How to Develop a Food Safety Culture

How to Develop a Food Safety Culture

A successful food safety culture is the product of individual and group values, attitudes, competencies and patterns of behavior that determine the commitment to, and the style and proficiency of the food safety management system. Senior management should plan for the development and continuing improvement of a food safety culture.

Senior management should be implementing a “It is how we do things here” food safety culture. This can be achieved by:

  • Leadership – starting from the top
  • Demonstrating visible commitment
  • Effective communication of company philosophy and policy
  • Ensuring there is accountability from the top of the organization to the bottom
  • Developing employee confidence and mutual trust
  • Developing reward schemes including ‘Employee of the Month’ award
  • Ensuring all employees are accountable, engaged and understand the value of integrity and proactivity
  • Developing an action plan for the development and continuing improvement of food safety culture

To ensure success Senior Management should be directly responsible for food safety by ensuring adequate; organization and support, equipment and facilities, training and education of all employees, reviewing and auditing performance, and driving continuous improvement.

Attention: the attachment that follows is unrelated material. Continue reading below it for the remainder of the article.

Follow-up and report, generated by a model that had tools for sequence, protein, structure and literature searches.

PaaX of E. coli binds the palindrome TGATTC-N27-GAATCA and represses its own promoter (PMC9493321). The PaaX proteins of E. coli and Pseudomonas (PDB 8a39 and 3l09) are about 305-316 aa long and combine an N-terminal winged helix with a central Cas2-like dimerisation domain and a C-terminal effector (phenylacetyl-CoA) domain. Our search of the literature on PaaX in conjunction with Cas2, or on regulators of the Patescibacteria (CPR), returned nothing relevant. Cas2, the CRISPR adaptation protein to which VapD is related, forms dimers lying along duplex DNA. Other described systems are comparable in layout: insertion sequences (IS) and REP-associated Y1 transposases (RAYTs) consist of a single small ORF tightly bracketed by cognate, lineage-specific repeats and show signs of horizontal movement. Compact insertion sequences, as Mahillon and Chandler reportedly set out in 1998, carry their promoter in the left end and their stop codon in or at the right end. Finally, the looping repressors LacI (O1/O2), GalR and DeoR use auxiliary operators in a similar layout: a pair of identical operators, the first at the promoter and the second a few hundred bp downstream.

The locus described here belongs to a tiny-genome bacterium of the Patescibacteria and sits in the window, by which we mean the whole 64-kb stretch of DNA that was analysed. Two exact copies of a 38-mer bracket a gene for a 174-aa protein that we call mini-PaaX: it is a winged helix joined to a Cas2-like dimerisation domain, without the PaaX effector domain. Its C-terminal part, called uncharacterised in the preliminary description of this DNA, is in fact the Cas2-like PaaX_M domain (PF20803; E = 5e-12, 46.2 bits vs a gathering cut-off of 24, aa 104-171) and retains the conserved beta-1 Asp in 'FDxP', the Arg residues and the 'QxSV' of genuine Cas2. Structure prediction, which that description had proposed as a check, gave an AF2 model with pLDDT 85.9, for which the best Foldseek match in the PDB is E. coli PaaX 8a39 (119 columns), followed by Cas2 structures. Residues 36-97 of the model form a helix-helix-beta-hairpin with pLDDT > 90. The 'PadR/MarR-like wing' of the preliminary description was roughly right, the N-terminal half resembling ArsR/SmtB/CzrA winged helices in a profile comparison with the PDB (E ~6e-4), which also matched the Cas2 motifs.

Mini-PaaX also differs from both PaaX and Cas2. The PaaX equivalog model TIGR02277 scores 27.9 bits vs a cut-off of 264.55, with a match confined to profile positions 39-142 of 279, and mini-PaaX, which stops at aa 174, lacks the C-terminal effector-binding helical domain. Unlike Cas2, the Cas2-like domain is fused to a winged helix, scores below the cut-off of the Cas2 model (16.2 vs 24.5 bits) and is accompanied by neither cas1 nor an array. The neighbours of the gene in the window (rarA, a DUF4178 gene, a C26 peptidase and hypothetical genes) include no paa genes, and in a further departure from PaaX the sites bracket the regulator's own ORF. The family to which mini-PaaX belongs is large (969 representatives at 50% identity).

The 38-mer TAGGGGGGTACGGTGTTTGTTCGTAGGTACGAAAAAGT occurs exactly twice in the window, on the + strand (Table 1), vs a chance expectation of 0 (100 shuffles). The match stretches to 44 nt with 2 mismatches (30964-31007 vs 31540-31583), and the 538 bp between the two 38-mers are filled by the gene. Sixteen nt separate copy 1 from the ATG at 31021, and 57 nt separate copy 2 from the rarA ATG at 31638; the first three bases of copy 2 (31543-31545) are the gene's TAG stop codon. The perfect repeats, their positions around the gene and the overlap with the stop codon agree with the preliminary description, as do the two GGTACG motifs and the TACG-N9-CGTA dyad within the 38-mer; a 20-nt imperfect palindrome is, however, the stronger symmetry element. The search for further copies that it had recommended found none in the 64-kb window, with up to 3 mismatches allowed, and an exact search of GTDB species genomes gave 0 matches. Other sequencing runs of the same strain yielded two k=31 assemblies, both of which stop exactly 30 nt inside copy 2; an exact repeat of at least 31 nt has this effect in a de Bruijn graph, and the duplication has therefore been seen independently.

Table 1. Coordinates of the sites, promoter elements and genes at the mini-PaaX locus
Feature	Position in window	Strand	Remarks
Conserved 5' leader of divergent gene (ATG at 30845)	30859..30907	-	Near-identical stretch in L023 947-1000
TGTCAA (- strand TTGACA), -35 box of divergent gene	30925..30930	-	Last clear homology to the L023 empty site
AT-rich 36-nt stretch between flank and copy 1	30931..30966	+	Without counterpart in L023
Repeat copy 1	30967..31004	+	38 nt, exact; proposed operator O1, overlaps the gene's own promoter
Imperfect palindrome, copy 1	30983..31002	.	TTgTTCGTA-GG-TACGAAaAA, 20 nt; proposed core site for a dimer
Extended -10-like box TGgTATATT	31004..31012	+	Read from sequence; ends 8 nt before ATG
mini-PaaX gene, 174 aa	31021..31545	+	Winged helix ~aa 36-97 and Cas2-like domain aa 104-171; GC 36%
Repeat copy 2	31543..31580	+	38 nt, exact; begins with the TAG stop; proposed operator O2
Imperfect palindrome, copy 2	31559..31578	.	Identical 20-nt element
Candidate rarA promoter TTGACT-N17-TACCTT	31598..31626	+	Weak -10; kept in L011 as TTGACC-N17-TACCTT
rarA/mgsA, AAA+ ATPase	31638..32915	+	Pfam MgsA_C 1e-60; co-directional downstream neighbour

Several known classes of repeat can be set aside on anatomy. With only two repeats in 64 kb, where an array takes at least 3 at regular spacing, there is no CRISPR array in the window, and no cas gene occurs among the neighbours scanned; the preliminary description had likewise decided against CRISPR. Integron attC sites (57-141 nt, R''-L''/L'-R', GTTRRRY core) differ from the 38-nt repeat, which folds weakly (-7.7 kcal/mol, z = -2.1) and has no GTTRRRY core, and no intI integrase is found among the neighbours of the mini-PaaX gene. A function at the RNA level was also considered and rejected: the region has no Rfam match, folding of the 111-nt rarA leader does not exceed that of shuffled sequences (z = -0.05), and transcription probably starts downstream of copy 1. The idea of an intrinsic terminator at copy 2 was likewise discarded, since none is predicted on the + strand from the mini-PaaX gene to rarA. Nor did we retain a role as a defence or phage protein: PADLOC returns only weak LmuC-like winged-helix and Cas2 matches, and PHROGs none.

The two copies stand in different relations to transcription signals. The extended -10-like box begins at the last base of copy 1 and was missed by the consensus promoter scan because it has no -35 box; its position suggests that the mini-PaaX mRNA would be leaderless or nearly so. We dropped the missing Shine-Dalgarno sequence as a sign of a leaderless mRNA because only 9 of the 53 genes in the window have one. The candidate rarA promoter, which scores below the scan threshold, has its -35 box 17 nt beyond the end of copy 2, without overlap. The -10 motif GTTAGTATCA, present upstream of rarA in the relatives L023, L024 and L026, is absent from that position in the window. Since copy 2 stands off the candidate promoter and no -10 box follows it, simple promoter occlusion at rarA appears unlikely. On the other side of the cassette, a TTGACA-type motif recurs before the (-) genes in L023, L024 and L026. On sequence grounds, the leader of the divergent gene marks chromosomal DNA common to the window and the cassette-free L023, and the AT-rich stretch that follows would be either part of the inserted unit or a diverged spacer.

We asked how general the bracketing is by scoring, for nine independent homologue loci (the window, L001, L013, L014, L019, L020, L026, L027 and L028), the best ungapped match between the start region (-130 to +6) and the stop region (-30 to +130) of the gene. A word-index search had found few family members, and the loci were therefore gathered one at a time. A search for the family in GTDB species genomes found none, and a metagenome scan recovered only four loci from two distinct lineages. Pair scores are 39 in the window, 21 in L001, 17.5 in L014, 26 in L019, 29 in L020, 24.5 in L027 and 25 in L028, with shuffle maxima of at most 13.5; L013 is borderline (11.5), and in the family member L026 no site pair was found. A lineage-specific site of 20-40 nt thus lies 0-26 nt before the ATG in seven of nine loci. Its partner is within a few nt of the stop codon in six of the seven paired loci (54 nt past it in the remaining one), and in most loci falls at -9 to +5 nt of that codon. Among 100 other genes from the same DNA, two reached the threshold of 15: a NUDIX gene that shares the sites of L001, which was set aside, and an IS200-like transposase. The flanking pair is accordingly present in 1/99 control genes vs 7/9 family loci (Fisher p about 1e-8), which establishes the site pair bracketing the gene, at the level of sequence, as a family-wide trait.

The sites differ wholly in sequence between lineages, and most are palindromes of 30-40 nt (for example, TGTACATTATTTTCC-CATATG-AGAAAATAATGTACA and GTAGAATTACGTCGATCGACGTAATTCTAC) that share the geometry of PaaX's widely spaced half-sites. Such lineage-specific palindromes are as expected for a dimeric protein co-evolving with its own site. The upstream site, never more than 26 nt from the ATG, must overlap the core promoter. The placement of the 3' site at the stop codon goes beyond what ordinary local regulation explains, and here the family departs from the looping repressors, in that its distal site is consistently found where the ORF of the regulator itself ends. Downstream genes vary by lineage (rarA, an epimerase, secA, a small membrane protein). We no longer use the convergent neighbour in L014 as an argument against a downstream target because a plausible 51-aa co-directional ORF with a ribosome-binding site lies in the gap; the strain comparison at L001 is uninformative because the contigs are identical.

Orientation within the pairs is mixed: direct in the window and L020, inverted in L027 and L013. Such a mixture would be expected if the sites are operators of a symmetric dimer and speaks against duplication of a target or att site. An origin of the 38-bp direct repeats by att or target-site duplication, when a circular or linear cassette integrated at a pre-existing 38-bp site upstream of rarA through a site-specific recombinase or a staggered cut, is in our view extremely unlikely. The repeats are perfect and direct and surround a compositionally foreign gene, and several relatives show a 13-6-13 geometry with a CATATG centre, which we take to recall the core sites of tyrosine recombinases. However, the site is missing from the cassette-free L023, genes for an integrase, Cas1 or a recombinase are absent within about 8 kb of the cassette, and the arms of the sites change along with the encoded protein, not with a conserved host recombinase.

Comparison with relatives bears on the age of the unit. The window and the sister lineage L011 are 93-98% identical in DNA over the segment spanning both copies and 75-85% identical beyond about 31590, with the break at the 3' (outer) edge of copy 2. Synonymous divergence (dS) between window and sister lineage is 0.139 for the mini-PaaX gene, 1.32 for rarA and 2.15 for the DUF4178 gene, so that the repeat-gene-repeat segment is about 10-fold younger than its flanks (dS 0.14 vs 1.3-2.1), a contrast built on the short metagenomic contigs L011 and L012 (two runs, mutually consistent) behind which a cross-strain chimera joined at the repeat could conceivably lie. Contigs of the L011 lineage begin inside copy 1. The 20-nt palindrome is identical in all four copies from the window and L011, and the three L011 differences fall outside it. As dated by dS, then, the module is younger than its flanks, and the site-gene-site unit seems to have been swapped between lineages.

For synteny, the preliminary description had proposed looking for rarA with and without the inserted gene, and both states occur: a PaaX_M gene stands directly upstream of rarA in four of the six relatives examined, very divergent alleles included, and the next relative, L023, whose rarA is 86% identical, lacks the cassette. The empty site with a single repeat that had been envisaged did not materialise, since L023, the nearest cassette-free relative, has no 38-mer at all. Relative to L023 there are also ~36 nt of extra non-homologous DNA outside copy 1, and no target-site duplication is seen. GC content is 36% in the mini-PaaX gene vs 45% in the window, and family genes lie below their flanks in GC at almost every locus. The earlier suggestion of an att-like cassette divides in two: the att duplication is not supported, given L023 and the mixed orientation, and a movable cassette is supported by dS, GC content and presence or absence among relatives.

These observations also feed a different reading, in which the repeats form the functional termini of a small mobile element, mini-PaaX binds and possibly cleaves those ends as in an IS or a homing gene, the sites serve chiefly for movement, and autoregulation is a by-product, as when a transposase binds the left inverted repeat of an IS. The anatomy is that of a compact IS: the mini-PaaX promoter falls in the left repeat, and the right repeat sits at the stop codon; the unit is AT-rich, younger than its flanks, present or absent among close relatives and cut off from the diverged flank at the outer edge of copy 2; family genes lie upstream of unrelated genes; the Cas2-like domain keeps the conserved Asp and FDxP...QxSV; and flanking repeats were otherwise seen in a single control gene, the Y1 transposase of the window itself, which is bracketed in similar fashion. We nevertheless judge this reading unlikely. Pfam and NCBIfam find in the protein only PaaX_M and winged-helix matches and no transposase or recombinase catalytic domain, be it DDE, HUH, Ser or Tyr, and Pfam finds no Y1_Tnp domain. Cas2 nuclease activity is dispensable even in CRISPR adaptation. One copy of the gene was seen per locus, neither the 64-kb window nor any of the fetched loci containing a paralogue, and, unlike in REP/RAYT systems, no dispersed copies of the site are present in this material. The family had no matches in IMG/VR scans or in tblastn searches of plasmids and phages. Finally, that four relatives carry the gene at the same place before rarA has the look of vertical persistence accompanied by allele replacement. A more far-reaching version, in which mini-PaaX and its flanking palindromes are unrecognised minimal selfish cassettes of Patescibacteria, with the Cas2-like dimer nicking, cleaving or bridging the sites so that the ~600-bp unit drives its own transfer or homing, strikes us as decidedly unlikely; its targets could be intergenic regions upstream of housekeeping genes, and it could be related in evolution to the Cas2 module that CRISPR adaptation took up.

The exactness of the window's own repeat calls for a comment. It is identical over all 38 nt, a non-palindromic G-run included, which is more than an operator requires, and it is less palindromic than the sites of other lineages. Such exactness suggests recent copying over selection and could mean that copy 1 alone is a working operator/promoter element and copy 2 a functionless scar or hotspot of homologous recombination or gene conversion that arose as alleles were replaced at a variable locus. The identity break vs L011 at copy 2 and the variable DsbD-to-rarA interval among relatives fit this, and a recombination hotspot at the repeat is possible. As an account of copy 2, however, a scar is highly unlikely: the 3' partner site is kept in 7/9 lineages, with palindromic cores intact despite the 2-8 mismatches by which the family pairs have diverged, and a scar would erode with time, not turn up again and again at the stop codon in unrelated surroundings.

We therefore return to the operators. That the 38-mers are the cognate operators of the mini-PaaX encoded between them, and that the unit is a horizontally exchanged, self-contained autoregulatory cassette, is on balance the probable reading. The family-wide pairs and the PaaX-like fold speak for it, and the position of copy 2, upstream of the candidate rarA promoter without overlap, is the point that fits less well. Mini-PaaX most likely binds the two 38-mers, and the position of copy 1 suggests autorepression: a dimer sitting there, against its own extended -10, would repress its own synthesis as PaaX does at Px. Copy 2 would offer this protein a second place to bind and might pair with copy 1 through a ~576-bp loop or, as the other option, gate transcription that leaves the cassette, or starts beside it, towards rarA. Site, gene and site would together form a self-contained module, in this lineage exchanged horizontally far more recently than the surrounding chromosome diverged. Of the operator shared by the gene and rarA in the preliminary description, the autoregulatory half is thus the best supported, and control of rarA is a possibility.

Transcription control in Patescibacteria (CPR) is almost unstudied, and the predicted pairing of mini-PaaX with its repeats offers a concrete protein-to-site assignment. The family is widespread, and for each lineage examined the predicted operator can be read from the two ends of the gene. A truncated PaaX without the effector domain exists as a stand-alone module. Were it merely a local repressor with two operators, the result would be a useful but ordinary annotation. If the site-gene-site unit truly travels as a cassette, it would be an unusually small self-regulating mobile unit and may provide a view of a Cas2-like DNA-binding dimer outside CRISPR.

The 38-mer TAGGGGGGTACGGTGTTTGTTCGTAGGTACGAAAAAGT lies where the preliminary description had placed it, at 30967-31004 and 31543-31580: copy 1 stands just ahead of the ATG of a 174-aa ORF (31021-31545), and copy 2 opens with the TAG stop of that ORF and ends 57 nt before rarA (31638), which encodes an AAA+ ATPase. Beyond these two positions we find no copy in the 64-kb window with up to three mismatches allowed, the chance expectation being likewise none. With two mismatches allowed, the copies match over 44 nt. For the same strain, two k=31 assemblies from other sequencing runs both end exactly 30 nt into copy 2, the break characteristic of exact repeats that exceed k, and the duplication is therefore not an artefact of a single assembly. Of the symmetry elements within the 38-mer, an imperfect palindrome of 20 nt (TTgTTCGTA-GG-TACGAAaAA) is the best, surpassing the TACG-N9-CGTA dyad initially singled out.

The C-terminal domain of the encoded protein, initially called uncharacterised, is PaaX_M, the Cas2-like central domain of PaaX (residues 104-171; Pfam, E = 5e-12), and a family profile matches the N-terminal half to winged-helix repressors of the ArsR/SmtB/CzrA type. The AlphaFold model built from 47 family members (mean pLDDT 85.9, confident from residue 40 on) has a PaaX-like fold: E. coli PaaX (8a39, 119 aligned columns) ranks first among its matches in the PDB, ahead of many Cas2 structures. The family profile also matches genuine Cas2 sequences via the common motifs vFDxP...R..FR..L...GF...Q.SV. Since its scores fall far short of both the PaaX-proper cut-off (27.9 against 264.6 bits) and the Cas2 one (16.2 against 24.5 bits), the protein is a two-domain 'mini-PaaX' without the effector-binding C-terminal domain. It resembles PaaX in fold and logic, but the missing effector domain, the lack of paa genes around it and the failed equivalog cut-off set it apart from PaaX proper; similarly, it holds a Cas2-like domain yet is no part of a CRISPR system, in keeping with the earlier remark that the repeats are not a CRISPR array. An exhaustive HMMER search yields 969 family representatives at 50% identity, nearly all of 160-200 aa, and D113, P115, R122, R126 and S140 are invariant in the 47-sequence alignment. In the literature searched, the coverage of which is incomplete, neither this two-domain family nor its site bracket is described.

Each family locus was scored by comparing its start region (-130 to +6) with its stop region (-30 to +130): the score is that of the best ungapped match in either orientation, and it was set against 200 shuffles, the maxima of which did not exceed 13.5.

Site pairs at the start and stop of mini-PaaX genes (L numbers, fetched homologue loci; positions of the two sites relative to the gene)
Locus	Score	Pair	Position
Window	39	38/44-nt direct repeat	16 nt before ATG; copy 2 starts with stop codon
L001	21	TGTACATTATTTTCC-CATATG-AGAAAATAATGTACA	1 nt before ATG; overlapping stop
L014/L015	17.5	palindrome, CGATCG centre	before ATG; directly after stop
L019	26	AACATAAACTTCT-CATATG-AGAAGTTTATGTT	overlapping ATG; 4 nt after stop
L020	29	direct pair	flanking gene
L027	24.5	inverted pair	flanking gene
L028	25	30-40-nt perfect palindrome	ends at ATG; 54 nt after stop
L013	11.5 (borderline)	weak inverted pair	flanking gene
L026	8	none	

All employees should be empowered and individually responsible for the quality of their work, resulting in a continual improvement culture and working environment for all. Employees should be encouraged and required to notify management about actual or potential food safety issues and are empowered to act to resolve food safety issues within their scope of work.

The philosophy of Food Safety should be promoted throughout the organization and in particular the Food Safety Policy.

Communication processes for promoting food safety include:

  • Team briefings
  • Staff reviews
  • Daily Management meetings
  • Feedback mechanisms
  • Newsletters
  • Notice boards

 

Senior management should monitor and measure through reports and trend analysis the degree of development of the food safety culture by analyzing information including KPIs from:

  • Hygiene & Housekeeping Audits
  • Internal Audits
  • External Audits
  • Non-conforming products
  • Environmental monitoring
  • Review of implementation plan and numbers trained
  • Employee reviews
  • Staff surveys on values and culture
  • Customer Complaints
  • Staff Turnover
  • Staff Exit Interviews

 

All employees should undergo individual food safety culture development which can include:

  • Food Safety Policy
  • Food Safety Objectives
  • Food Safety Management System Overview
  • Job Descriptions
  • Job Training
  • Employee Briefing
  • Individual Objectives
  • CCP Controls – Training Procedures & Record Completion